Friday, July 30, 2010

The Good Old Days Weren't Perfect

As I mentioned in my last post I am an old soul. I yearn for the transparent joy in the Holy Spirit that those who came before us basked in. However, it's easy to sentimentalize those days while disparaging our own. Honesty demands fair-handling. The good old days weren't perfect—far from it. We had some problems in our more demonstrative years.

1. Legalism

Not fun to look at but it's true; legalism went far beyond the boundaries of scriptural holiness and imposed more rules. For example, early in the 20th century my reformation movement of the Church of God (Anderson) had a controversy over neckties. Yes, neckties! Since we didn't want to dress in a worldly fashion some of the saints took a dim view of neckties. A necktie wasn't functional, only fashionable and, thus, vainglorious. We can laugh now at the silliness but God's holiness children of a century ago weren't laughing.

2. Bad Doctrine/Poor Scholarship

Last night I listened to an mp3 of a holiness preacher from years ago, I don't know the date. He was giving some reasons why holiness churches have "protracted meetings" but they don't turn into revivals. One reason, the good brother informed his audience, was because women in pants were praying for revival! He quoted Deuteronomy 22.5:
The woman shall not wear that which pertaineth unto a man, neither shall a man put on a woman's garment: for all that do so are abomination unto the LORD thy God.
There are big problems with condemning women who wear pants today by appealing to this verse. First, this verse probably had to do with a pagan practice that the Lord refused his Israelis, not that God is condemning the modern fashion industry of today. Second, as Gentiles we aren't under the Law of Moses. The Torah was for Jews, not Gentiles, and it's been abolished as a covenant, anyway.

Over the years I've seen some poor handling of the Word of Truth. Verses taken out of context can place people in bondage to something God never commanded. In this regard inadequate scholarship can lead to legalism. Lack of scholarship and education led to some lousy theological points. Sloppy interpretation makes for bad doctrine.

Let me give you another example. A common appeal for entire sanctification has been taken from Paul's command to the Thessalonians:
For this is the will of God, your sanctification:
(1 Thessalonians 4:3a ESV)
Fair enough but the preachers need to quote more Scripture in that passage to get the gist of Paul's specific thought:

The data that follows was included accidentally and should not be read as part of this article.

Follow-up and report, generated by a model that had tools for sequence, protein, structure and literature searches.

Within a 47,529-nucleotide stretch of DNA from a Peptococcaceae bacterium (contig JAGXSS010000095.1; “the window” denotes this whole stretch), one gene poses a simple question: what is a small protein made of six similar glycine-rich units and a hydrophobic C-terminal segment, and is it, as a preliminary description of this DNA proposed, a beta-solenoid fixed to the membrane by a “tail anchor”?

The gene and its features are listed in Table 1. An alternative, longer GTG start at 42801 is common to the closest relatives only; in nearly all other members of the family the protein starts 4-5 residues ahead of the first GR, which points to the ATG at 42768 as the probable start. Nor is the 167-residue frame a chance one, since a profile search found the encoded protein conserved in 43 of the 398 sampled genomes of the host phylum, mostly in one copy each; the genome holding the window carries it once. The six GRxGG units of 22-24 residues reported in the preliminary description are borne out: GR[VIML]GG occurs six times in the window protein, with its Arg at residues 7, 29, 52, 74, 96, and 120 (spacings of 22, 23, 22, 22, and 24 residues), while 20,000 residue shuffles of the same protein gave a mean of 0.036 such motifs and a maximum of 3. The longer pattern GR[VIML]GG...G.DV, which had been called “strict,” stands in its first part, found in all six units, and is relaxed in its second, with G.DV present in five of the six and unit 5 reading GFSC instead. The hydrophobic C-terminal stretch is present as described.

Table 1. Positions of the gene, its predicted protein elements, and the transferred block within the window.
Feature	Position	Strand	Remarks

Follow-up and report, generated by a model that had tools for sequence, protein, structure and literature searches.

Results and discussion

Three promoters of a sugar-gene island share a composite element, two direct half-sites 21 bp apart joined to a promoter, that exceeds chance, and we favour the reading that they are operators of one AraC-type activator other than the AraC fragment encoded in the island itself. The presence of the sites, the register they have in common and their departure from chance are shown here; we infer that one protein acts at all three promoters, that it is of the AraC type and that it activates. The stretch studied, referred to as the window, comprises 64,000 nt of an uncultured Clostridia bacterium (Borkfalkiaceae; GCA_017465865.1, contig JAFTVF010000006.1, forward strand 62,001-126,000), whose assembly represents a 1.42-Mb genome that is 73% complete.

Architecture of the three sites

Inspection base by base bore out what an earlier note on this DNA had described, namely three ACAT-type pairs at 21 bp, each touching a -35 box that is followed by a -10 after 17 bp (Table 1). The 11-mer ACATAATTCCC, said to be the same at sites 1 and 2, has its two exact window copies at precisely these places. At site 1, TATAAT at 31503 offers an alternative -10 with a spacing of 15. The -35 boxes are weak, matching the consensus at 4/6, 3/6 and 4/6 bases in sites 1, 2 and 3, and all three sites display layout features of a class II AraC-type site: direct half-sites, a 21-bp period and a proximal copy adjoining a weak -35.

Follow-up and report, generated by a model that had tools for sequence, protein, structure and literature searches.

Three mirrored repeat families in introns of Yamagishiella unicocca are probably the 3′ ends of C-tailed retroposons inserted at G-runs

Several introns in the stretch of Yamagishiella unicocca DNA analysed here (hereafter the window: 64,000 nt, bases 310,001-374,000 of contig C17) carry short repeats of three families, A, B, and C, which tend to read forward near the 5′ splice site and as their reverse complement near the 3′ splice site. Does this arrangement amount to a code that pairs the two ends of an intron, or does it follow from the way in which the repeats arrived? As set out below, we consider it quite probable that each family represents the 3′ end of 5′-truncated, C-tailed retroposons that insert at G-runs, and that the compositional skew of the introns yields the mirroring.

For this is the will of God, your sanctification: that you abstain from sexual immorality; that each one of you know how to control his own body in holiness and honor, not in the passion of lust like the Gentiles who do not know God; that no one transgress and wrong his brother in this matter, because the Lord is an avenger in all these things, as we told you beforehand and solemnly warned you. For God has not called us for impurity, but in holiness. Therefore whoever disregards this, disregards not man but God, who gives his Holy Spirit to you. (1 Thessalonians 4:3-8 ESV)
When all of these verses are read together in context it shows that Paul isn't giving general instruction about entire sanctification but speaking of believers living in holiness involving sexual matters.

Let's seek entire sanctification...and use proper Scriptures to support the doctrine.

Thursday, July 29, 2010

I'm An Old Soul

Today I helped my father install a new air conditioner in his camper at Rippling Waters, the West Virginia Church of God (Anderson) owned campgrounds. I had some extra time so I walked the short distance to the beautiful chapel by the lake and went inside. I snapped this picture with my cell phone while standing at the pulpit.


I prayed for the campmeeting that begins this Monday, August 2, and runs through Sunday, August 8. I want a Great Awakening to begin this week on those grounds.

I'm an old soul. I'd rather learn of accounts of revival from 100 years ago then read the "It" book that will be published by a Christian bookseller next week.

Recently I listened to a 30+ year-old recording of an old minister exhorting a convention congregation to be entirely sanctified. He wasn't scheduled to preach, just exhort the crowd. God took over and an altar response ensued. The Spirit moved.

It made me feel sad, though. Not because it was sad but because I miss the days when saints shouted praises to God. I miss the days when people actually prayed at altars. I miss the days when we weren't so terribly concerned with looking educated and sophisticated and were so terribly concerned with God moving in the services.

What happened to us? What happened to the holiness people? I suppose it's the same thing that happened to our sermons on entire sanctification. The sermons disappeared...and then our fire did, too.

Wednesday, July 28, 2010

Arguing With an Infidel

Apologetics is the defense of the Christian Faith. People like Josh McDowell and Lee Strobel have put much time into presenting arguments for the veracity of Christ and Christianity. Apologetics has its place; Justin Martyr of the 2nd century is famous for it. However, the great British Baptist preacher of the 19th century, Charles Spurgeon, gave interesting advice on how to reason with a hardened skeptic.